Bronze Disc Base Installed at the base of The Reconciliation Pole

New bronze artwork at the base of The Reconciliation Pole, 2023. Photo: Owen Sopotiuk.

The Department of Art History, Visual Art and Theory is pleased to announce the completion of Reconciliation Pole: Bronze Disc Base project. On Friday, May 11, the final bronze disc artwork co-created by xʷməθkʷəy̓əm (Musqueam) master carver Kayám̓ Richard Campbell, Max Chickite (Lekwiltok, Kwakwaka’wakw), and Haida master carver and hereditary chief James Hart, 7idansuu (Edenshaw), was anchored to Hart’s The Reconciliation Pole (2015-17) to Musqueam territory. 

The detailing and carving of the bronze disc design took place in the department’s undergraduate studios at the Audain Art Centre from 2020 to 2021. Please visit here for the original announcement about the project.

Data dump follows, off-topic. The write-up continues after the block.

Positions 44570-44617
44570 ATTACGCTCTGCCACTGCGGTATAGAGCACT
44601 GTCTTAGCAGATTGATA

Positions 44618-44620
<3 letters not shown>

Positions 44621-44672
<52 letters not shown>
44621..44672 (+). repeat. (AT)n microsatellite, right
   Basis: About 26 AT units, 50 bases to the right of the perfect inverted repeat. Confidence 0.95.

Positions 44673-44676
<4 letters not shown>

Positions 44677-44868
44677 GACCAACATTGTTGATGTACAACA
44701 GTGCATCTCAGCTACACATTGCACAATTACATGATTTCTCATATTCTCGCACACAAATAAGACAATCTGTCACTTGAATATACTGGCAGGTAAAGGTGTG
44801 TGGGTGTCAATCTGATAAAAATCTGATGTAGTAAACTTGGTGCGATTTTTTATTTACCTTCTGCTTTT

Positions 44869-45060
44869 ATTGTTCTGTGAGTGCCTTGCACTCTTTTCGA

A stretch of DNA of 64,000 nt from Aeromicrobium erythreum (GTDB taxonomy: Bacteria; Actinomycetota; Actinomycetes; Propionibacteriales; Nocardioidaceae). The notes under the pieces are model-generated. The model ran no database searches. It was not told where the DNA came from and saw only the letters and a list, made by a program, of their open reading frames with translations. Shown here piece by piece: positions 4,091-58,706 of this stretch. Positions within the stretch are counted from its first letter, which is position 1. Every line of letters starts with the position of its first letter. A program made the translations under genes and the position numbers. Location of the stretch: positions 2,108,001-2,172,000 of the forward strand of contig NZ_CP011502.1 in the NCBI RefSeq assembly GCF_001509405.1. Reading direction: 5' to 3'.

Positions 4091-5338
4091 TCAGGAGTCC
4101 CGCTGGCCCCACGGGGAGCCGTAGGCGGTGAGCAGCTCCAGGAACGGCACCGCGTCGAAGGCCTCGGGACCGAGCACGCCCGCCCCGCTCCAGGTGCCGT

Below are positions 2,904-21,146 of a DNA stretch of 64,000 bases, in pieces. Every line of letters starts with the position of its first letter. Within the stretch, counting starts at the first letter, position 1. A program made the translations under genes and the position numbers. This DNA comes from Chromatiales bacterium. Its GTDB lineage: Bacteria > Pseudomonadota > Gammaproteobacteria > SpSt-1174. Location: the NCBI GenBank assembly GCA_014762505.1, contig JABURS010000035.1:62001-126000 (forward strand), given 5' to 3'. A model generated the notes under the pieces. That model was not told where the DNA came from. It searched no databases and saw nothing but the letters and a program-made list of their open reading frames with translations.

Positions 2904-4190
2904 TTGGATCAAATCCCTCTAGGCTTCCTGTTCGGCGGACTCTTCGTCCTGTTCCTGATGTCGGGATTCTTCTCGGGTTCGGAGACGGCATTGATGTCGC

Richard Campbell and Max Chickite carving into high-density foam for casting in bronze, 2021. Photo: Jeremy Jaud.

The new art, titled θəʔit, was commissioned with support from the Audain Foundation and the University of British Columbia. 

The 15-foot-wide disc depicts four salmon carved by Campbell. The artwork name θəʔit translates to truth in English, which acknowledges the continued need for Indigenous peoples’ truths to be uncovered and remembered. 

Details from The Reconciliation Pole (2015-17) by Haida master carver and hereditary chief James Hart, 7idansuu (Edenshaw).

As part of his vision for The Reconciliation Pole, Hart invited Campbell to design and carve the artwork for the bronze disc. The new artwork acknowledges that the pole – which was carved and raised according to Haida tradition – stands on Musqueam ancestral territory.